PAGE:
Book and reading Center board considering library charter or sharing services amid uncertain viability

ARKPORT — Story hour and easy access to best-selling novels are about to reach a new chapter in Arkport due to changes in the way New York state classifies and funds book centers.

Trustees of The Arkport Reading/Book Center are investigating options to become a chartered library so it can be a recognized member of the region’s cooperative library group, the Southern Tier Library System (STLS).

Trustees made that statement Monday, following an Oct. 17 meeting with Brian M. Hildreth, executive director of STLS, to discuss the options available to the Arkport community. The Spectator contacted board members following that meeting to learn the content and scope of the matter.

One major impetus for the chartering discussion is concern about the book and reading center’s future if nothing changes, trustees said.

“The reading center is in jeopardy of losing services from the library system, such as sharing of library materials from 47 other community libraries, and closing its doors indefinitely if a charter cannot be obtained,” trustees said.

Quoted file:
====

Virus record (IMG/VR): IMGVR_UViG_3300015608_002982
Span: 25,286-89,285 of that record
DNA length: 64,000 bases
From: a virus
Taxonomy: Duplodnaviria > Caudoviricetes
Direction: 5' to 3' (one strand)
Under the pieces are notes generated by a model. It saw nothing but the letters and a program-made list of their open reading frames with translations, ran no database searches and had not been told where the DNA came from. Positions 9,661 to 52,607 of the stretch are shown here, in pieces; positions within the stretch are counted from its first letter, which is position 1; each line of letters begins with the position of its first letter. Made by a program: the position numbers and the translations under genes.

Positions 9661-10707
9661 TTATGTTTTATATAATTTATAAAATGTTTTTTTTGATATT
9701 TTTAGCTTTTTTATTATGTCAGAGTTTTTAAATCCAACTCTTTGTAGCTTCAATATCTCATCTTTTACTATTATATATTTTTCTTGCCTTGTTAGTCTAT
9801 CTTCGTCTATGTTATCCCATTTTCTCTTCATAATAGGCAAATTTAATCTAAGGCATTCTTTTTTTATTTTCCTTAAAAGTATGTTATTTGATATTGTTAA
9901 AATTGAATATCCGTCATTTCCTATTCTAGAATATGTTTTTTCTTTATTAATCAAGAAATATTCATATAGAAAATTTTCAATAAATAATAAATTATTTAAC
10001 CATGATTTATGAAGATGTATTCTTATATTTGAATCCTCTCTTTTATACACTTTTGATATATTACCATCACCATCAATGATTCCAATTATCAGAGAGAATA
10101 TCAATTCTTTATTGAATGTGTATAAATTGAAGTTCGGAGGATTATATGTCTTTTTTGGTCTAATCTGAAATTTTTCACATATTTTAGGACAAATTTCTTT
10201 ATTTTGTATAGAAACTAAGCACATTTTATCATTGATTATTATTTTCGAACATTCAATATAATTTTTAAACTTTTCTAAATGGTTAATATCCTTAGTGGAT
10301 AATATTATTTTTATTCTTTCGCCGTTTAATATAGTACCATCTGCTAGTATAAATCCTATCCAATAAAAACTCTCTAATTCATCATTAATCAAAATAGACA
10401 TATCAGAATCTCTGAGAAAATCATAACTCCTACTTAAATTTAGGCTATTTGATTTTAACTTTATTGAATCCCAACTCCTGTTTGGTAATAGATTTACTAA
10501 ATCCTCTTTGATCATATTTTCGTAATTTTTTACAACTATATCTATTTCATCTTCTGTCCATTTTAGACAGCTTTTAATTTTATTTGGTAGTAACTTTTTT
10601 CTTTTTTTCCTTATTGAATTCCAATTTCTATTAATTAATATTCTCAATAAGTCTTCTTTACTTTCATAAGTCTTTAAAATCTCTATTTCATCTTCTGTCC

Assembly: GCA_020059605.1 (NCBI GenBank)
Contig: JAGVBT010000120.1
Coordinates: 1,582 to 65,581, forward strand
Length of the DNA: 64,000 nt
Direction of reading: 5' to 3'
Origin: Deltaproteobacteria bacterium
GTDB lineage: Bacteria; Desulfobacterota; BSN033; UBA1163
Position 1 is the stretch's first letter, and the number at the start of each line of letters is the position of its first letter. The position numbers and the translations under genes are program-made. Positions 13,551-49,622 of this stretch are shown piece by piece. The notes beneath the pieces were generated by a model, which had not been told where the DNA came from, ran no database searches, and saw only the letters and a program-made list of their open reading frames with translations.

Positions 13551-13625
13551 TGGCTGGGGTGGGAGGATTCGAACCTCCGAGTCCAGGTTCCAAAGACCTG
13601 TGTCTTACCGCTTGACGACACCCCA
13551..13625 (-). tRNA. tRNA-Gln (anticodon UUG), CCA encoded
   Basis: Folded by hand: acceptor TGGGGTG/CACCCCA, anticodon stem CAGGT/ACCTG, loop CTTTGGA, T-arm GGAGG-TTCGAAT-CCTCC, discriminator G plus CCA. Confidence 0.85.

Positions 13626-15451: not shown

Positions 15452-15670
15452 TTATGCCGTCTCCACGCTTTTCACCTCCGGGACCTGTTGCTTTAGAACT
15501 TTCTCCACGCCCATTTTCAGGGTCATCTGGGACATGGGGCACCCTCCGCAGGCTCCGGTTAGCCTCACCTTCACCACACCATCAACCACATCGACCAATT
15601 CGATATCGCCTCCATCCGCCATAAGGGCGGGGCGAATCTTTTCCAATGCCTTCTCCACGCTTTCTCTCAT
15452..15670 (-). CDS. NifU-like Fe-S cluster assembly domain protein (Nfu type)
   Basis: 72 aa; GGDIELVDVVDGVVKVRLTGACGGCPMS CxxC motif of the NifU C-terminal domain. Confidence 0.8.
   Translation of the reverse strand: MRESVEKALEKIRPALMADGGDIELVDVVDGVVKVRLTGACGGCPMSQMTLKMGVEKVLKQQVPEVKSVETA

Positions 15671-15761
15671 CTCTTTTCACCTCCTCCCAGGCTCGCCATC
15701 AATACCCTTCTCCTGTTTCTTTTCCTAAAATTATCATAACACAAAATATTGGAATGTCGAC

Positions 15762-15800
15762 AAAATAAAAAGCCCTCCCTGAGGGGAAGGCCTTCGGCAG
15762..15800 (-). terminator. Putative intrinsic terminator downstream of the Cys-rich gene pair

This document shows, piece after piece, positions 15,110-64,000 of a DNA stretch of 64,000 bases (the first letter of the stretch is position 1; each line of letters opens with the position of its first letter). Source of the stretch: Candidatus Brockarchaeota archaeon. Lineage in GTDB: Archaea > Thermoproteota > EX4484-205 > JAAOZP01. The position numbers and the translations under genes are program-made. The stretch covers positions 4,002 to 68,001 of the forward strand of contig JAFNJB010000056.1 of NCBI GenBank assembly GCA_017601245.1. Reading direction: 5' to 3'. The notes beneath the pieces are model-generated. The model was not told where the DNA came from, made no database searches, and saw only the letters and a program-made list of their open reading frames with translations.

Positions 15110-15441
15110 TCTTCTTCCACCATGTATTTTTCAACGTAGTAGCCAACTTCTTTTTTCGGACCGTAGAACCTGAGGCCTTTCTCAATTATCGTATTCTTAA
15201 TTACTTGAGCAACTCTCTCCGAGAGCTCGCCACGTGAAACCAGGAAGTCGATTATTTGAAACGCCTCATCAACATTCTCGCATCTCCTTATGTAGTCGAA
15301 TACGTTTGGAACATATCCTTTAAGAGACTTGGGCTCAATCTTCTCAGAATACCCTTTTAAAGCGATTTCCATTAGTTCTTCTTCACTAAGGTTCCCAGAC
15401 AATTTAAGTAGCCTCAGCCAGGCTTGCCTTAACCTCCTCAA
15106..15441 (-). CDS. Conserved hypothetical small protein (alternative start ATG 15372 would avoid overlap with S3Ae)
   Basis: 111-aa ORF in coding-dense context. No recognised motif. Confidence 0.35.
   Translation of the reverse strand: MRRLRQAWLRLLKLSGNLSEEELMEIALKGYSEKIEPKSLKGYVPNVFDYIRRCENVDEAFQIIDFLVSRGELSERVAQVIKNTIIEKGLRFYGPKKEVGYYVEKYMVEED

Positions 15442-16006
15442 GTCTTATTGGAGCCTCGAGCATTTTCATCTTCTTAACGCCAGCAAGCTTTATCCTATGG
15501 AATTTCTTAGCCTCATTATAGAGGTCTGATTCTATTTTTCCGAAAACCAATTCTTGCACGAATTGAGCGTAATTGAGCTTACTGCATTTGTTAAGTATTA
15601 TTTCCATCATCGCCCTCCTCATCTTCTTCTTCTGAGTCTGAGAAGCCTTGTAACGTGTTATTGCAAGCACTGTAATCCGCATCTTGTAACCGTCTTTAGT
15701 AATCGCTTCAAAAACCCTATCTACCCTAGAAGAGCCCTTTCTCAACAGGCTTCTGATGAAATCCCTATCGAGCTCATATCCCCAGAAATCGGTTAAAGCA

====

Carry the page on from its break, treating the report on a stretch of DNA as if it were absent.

According to reading center board members, starting in 2021, only chartered public libraries in the state will have access to state library system resources.

“It’s not imminently important, but by the end of 2020 it’s very important because New York state will not allow reading centers to exist anymore,” said Terry Pullman, a member of the reading center’s board. “If they (do exist), they can’t be…supported by the public library system, and the public library system is where the bulk of our book loans come from. There is no way that a small community like Arkport could bring in the number of new books in a given month or a year that people want to read.”